The salary/benefits package is substantially lower than you need
You might be thinking that this reason is too obvious to make a list like this. However, too often, I hear stories from people who have accepted positions below their salary expectations only to eventually become resentful and looking for a way to correct the error. As long as your salary and benefit expectations are reasonable for:
- The level of the position you’re seeking
- The size of the organization you’re joining
- The local of the organization you’re joining
You should have no qualms about sticking to your guns. Although I’ve always hated the salary negotiations part of accepting a new job, by the time companies get to the point of making a firm offer, it’s not that likely that a reasonable request for a few thousand additional dollars or additional days off will end up in an offer being terminated. Getting at least close to what you need will make a world of difference down the line.
If a company is not sure about increasing the offer, ask for a contractual stipulation that makes the increase kick in after year one based on your performance. You know you’re going to give your best and it could be reflected in that first increase, but get it in writing.
Accepting the job would impact your personal work/life balance
I’ll admit it… I made this mistake once. During the interview, I left knowing that the job was going to be grueling, and not because of the actual IT work itself. Rather, it was the rest of the “cultural” stuff that was a requirement for all salaried employees, including, a requirement to work, at a minimum, 10 hour days each day, sing at company events (yes, if you failed to sing, you were written up; I was once told to reprimand one of my employees for not singing loud enough), be subjected to undocumented matrix management, and give up numerous weekends and holidays for the first three years. Personally, I have no problem with working hard and giving it my all, but I also demand flexibility in return. Even though I tend to work more than I should, even this job was too much for my tastes, and I left and moved in to greener (and promoted) pastures after not that much time.
I freely admit that I accepted the job knowing that it was going to be a bad fit, but kept saying, “It won’t be as bad as I think.”
Everyone has different expectations and needs in their work environment. I like to think that organizations – in most cases – can be flexible enough to keep everyone at least semi-happy on both sides. Unfortunately, it’s becoming increasingly common for American companies to demand far more from their workers than many are prepared to give. Whether this is because corporations are simply greedy or workers are simply lazy is often debated. Personally, I believe there has to be a middle ground in which the needs of both are respected.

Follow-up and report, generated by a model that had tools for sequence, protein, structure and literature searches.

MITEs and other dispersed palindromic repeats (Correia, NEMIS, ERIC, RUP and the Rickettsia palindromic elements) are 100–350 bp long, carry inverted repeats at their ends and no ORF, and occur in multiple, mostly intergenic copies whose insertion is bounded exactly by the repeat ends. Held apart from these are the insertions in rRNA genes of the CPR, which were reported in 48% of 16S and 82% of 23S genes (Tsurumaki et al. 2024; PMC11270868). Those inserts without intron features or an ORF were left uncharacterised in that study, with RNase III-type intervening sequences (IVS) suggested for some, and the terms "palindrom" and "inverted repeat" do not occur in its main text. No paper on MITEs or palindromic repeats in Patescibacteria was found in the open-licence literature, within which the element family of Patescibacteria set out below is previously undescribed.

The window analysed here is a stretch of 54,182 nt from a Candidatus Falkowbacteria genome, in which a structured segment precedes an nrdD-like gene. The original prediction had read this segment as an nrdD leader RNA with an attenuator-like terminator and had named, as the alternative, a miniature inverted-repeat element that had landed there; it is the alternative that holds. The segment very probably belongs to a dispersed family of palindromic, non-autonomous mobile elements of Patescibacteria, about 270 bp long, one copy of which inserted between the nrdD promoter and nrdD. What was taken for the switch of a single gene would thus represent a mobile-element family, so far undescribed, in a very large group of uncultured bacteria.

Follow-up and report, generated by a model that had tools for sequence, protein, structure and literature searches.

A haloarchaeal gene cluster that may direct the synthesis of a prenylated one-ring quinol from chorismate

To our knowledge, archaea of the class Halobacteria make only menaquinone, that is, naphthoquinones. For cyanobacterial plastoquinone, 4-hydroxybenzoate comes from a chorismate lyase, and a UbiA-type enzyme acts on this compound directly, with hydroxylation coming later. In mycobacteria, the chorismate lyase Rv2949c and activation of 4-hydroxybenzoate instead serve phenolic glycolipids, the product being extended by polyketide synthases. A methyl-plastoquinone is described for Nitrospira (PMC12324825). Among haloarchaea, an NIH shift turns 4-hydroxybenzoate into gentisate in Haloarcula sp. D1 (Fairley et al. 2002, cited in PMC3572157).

At the very least, if you sense that a job is going to be a disaster during an interview, just walk away.
The CEO has no technology interest
At the same job I described above, I discovered that the CEO had absolutely zero interest in technology and prided himself on the fact that he didn’t have a computer in his offer or at home. In fact, to respond to emails, his assistant printed the message, he wrote his reply on the back and she then typed the response.
Yes, this was early in my career and I made a mistake.
As you can imagine, technology needs were not always considered a priority, leading to struggles to meet basic needs of users and customers. That’s not the kind of environment I wanted to run, so I left.
And, I hate singing.
The CEO’s inner circle is dominated by group-think
This could be difficult to gauge during a short interview, but it’s always important to try to figure out how decisions are made at the top level of the organization, particularly if you’re going to be a part of the C-suite. Organizations flourish only when problems, ideas, and solutions can be transparently and openly debated in a professional way.
During an interview, it’s critical to determine – as much as possible – the real power structure of the organization. This power structure rarely matches the org chart. Who does the CEO trust? Who does he really listen to? Is decision-making open and transparent? Is it possible to raise red flags without being attacked for it? Is it an environment that fosters creativity or one that stifles it?
Most CIOs that I know are creative people that want to do everything they can to provide the best possible solutions to the business. Enduring in an stifling environment in which uncheckable group-think is the predominant decision-making process stifles creativity and leads to ongoing frustration as those with different ideas yearn to be “heard” through the stifling silence.
It’s the wrong job
Not every CIO job is created equal. Many “CIOs” are CIOs in name only and are really just IT managers with a fancy title. For those that are really CIOs – that is, strategic, visionary, influential, beyond the tech – being an IT manager focused solely on tech would be a really frustrating job and vice versa; a person that loves the tech might be frustrated at having to split his focus. Most CIOs either don’t focus much on the actual technology or split their time between technology and the business in some way.
Make sure that you’re jumping into a CIO role at the level you want.